Israeli Startup Shakes Up Fashion Industry With Sustainable, Digital Thread Dyeing
The company has come up with a way to dye thread using new technology that will not give off CO2 emissions or produce wastewater.
Twine, a young Israeli startup specializing in digital thread dyeing, is taking a major step to revolutionize the textile dyeing process. Twine developed the world’s first digital thread dyer. The device does not use any water and saves on logistics by bringing the dyeing process in-house to manufacturers, designers, and apparel producers.
It also eliminates the need for colored thread stock, dramatically reduces logistics, deadstock, and other waste costs, as well as dramatically reducing time to market.
It eliminates the need for wasted samples of the wrong color that would either be stored or disposed of.
The process uses zero water. There are no fumes being emitted and the machine runs on electricity.
The fashion industry, which produces 20 percent of the world’s wastewater through textile dyeing, is the second-largest water pollution contributor in the world. Traditional thread dyeing uses 70 liters of water for one kilogram of thread.
Twine’s DST™ is a waterless eco-friendly technology that uses the precise amount of Twine’s TDI™ ink per thread type, length and weight with virtually no waste. The process begins once a color is selected by the user. Twine’s proprietary algorithms automatically create a recipe and initiate highly accurate ink mixing of Twine’s 4 basic TDI™ ink colors. Once completed, the thread passes through a treatment chamber and then into the drying unit. The drying unit will then fixate the TDI™ ink into the thread’s fibers. The system’s closed-loop technology ensures there are no emissions or waste disposed to the environment. Once digitally dyed, the thread is ready to be used immediately without any pre or post-treatment.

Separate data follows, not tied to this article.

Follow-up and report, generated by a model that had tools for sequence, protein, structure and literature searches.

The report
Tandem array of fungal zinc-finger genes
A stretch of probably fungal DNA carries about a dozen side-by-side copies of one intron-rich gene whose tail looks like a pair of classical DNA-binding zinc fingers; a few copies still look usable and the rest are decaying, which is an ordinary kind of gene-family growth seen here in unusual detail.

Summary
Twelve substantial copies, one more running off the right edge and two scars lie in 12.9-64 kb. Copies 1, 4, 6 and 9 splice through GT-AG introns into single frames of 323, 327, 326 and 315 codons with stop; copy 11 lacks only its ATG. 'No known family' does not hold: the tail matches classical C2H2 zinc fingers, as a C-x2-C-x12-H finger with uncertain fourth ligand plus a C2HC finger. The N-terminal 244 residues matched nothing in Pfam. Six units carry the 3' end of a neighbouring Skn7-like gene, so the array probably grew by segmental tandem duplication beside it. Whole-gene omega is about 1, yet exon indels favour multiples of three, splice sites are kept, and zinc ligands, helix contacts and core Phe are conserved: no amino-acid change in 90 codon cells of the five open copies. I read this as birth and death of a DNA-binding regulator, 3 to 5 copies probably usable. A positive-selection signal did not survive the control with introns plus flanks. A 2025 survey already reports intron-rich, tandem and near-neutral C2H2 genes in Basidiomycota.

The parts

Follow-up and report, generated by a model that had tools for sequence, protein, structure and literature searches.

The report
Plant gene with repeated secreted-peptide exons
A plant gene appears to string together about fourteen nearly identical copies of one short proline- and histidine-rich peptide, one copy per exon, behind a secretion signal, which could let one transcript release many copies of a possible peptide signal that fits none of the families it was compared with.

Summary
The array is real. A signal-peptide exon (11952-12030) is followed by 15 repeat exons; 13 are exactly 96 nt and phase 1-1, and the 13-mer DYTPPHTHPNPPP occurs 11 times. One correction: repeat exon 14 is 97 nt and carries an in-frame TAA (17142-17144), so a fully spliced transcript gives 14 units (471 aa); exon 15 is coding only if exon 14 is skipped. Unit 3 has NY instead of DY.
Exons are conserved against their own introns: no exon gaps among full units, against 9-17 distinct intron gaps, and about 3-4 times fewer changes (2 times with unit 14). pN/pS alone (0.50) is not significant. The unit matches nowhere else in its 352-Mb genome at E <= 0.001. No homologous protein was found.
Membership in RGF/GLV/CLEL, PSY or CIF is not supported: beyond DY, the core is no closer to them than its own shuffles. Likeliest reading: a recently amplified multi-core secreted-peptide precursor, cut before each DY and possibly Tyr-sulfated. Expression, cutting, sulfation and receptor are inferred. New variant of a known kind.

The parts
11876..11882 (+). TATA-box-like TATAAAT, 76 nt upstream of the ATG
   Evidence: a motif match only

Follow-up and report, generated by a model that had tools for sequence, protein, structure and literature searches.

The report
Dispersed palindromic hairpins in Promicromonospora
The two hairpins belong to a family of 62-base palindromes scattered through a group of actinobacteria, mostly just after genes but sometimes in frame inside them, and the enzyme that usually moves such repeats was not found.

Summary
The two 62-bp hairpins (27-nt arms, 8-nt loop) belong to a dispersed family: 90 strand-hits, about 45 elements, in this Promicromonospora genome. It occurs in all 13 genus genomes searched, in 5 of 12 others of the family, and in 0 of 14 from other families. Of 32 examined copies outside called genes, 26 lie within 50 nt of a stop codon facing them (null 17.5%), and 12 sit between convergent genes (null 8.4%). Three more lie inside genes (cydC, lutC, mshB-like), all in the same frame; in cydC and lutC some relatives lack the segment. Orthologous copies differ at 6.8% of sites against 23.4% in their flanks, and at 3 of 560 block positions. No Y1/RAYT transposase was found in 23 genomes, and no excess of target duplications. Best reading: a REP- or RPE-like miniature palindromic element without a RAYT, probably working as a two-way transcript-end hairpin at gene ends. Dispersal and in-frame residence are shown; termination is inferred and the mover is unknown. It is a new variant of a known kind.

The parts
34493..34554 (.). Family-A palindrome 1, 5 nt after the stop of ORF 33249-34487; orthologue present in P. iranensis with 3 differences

The textile industry consumes large amounts of water in its varied processing operations. In the mechanical processes of spinning and weaving, water consumed is very small as compared to textile wet processing operations, where water is used extensively. Almost all dyes, specialty chemicals, and finishing chemicals are applied to textile substrates from water baths..Learn more
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